The Cu Locus (Curly hair) trait test reliably determines if a dog has one of the following genotypes at the Cu locus:
This dog carries two copies of CuC which results in a curly coat. This dog will pass on CuC to 100% of its offspring.
Interpretation: Curly coat
This dog carries one copy of CuC and one copy of Cu which results in a wavy or curly coat. This dog will pass on CuC to 50% of its offspring and Cu to 50% of its offspring.
Interpretation: Curly/Wavy coat (Carrier)
This dog carries two copies of Cu and has a straight coat. This dog will pass on Cu to 100% of its offspring.
Interpretation: Straight coat
The Cu Locus (Curly hair) impacts hair curl as a result of a DNA variant in the KRT71 gene which produces a form of keratin, a major structural component of hair. The CuC variant of KRT71 prevents keratin from binding together in a regular pattern which alters the structure of the hair and results in a curly coat.
Genetic testing of the KRT71 gene will reliably determine whether a dog is a genetic Carrier of a straight coat. Curly coat is inherited in an autosomal incomplete dominant fashion meaning that only one copy of the CuC variant is required to produce a curly coat. However, due to the incomplete dominant expression of the CuC variant, dogs with only one copy of the CuC variant (CuC/Cu) can have a "wavy" or moderately curly coat that is in the spectrum somewhere between a curly and a straight coat. Dogs with one copy of the CuC variant (CuC/Cu) are also carriers of the variant for straight coat (Cu) and can produce dogs with a straight coat if bred to another Cu carrier or straight coat dog. Therefore, dogs with two copies of Cu will have straight hair, dogs with two copies of CuC typically have a tight curly coat and dogs with one copy of Cu and one copy of CuC typically have a looser curl or wavy coat.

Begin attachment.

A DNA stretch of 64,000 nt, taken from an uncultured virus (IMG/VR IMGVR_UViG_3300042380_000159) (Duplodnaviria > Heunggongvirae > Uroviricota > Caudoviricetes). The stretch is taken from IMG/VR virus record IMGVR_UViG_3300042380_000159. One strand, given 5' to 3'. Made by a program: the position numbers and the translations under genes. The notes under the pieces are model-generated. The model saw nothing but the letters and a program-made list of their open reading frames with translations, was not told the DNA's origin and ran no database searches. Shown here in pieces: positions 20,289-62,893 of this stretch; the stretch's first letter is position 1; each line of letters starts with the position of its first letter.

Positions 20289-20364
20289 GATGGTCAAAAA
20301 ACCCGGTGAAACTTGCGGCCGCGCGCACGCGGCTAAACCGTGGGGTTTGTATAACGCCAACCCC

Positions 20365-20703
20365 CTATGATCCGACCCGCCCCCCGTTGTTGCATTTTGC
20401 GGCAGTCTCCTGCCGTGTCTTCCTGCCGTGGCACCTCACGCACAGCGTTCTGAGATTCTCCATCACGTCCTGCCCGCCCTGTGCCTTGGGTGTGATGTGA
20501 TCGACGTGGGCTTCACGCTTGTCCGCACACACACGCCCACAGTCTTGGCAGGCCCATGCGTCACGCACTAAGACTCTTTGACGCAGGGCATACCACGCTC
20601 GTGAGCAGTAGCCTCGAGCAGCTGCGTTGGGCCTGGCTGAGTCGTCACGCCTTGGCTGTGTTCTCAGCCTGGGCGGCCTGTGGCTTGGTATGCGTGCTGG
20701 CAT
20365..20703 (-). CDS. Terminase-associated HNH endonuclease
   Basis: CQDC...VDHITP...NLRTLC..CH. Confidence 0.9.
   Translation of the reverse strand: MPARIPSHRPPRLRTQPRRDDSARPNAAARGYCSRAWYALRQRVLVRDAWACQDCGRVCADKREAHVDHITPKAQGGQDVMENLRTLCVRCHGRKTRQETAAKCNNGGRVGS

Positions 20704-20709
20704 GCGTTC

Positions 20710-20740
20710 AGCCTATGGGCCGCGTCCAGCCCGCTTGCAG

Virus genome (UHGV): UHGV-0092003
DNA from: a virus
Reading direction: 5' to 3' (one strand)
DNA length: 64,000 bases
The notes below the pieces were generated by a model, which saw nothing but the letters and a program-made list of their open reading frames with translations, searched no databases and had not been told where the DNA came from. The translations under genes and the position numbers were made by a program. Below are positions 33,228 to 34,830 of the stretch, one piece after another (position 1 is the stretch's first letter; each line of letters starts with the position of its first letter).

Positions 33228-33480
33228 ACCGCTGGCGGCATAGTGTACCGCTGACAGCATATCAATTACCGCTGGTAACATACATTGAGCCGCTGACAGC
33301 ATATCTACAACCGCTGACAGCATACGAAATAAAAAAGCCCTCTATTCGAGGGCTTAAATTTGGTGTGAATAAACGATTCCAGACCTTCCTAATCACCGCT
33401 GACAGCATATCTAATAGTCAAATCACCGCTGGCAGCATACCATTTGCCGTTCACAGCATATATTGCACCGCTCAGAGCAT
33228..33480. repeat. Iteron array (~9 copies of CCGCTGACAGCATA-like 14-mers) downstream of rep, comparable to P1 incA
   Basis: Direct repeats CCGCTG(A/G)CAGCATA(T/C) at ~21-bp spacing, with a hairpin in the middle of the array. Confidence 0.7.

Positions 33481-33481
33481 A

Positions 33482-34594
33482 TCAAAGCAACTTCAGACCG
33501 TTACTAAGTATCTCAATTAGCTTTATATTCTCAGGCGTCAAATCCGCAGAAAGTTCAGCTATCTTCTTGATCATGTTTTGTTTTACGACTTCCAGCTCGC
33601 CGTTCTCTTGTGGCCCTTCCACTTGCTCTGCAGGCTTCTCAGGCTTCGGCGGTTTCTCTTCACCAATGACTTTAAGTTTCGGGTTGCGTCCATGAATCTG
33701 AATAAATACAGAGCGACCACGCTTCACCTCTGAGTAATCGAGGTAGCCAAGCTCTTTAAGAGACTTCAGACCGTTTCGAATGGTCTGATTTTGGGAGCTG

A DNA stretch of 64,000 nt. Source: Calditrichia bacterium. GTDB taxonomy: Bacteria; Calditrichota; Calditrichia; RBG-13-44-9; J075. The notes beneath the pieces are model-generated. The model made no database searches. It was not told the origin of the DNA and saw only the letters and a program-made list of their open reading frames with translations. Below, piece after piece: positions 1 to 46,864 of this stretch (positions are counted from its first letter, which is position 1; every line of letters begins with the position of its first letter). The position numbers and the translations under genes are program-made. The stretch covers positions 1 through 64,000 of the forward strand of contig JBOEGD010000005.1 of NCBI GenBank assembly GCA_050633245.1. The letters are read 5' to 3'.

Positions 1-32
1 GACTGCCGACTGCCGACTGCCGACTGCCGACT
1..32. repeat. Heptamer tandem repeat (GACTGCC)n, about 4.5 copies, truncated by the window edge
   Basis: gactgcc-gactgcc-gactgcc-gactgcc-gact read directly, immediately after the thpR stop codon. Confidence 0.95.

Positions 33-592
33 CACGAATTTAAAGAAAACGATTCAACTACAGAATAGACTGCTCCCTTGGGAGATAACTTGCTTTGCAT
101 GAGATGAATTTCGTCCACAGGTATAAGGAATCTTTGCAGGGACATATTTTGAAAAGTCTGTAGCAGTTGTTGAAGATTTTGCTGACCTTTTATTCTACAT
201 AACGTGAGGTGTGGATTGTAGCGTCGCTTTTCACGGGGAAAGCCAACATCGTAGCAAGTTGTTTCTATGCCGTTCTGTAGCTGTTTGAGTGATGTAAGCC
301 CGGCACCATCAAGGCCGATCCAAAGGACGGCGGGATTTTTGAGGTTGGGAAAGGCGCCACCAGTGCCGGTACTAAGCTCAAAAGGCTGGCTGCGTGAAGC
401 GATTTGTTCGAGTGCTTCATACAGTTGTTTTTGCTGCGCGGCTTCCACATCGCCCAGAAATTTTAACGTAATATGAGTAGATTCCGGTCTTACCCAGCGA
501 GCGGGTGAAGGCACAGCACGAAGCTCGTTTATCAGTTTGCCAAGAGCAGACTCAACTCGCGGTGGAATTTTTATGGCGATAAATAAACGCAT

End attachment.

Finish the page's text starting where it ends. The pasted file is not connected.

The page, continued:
There may be other causes of this condition in dogs and a normal result does not exclude a different mutation in this gene or any other gene that may result in a similar genetic disease or trait.
Cadieu E, Neff MW, Quignon P, Walsh K, Chase K, Parker HG, VonHoldt BM, Rhue A, Boyko A, Byers A, Wong A, Mosher DS, Elkahloun AG, Spady TC, Andre C, Lark KG, Cargill M, Bustamante CD, Wayne RK, Ostrander EA. Coat variation in the domestic dog is governed by variants in three genes. Science. 2009 Oct; 326(5949):150-3.